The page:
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This blog is a record of the wine that I make and drink. Each flavour made and each bottle drunk will appear here. You may come to the conclusion that, on the whole, I should be drinking less.

Saturday, 5 July 2014

Rose Petal Wine 2014 - The Making Of ...


Following the success of Rose Petal 2013, this flavour has been promoted to 'double batch regular'. Therefore both I and my parents have been collecting rose petals from our respective gardens. Much to Claire's shame, I have also taken petals from strangers' gardens too. Actually it was only one; when going round the North Yorkshire Open Studios, an artist's husband was tending a rose bush which had pink flowers and a glorious smell. I asked and he was only too happy to help - so we have some of Kim Coley's roses in the mix.

On Friday night Rachael and Myles were in York (Paul is off climbing Ben Nevis) so I took the opportunity to collect a large bag of frozen petals. It was a lovely evening - Myles is steadier on his feet and has learnt the art of conversation. No vocabulary, of course, but he babbles in the pattern of speech and I found it difficult not to laugh.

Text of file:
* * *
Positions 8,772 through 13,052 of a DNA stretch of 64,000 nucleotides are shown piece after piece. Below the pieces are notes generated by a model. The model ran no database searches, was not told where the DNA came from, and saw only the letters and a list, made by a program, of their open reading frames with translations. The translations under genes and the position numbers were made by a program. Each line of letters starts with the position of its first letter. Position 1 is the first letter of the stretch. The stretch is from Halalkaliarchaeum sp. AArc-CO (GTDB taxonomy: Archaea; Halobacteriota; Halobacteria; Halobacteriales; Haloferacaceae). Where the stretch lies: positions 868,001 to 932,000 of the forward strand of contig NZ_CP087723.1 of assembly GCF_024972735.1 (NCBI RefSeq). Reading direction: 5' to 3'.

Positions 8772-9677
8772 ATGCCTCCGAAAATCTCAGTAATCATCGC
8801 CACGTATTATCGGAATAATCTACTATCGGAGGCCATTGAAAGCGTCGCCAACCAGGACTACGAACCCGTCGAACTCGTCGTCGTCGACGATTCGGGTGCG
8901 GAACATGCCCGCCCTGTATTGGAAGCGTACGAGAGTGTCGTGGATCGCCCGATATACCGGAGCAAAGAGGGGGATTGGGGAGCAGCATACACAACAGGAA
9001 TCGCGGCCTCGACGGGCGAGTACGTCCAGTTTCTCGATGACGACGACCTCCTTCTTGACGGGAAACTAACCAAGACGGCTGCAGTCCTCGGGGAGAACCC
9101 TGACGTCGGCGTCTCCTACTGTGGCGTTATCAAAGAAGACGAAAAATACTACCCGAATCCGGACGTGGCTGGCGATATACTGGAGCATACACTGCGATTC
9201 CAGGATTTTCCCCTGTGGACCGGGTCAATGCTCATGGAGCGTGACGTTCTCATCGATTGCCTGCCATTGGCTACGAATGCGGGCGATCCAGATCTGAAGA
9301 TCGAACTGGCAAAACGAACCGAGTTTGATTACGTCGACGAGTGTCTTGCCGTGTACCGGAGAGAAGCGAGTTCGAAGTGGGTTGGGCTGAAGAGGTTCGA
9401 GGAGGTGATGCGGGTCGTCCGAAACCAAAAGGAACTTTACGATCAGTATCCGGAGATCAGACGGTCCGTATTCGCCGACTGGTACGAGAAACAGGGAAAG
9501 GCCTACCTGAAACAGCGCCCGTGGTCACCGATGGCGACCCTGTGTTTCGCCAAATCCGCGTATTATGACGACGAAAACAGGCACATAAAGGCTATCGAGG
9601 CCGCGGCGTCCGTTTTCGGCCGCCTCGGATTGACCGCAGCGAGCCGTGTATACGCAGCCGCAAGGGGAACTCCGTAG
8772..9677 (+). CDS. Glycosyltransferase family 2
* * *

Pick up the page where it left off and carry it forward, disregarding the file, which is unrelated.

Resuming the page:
I started the wine on Sunday morning, 29th June, whilst listening to Broadcasting House. It has 8 pints of rose petals - a variety of pinks, whites and darkest reds - two oranges, 5 lbs 4 oz sugar, 11½ pints of boiling water and two litres of juice. Both litres should have been white grape, but only one was. The other was 'white grape and peach juice drink' as Aldis had run out of the former.


When I poured the water over the flowers the house was filled with an exquisite fragrance.


Back from an Airedale concert - Nielsen's 4th, which until the performance I found tedious - I added a sachet of yeast, two teaspoons of nutrient and a teaspoon each of pectolase and tannin.

This is what fermenting rose petals look like
I put this into its two demijohns on Thursday night, 3rd July, after a particularly tedious orchestra rehearsal with 'The White Rose Orchestra'. Suitably named for this flavour, but I hope the wine tastes significantly better than the orchestra sounded. I used a collander to scoop out the petals and thereafter getting the liquid into its demijohn was rapid work. Still, I did not get to bed until after eleven.

If you want to see how this flavour turned out, click here.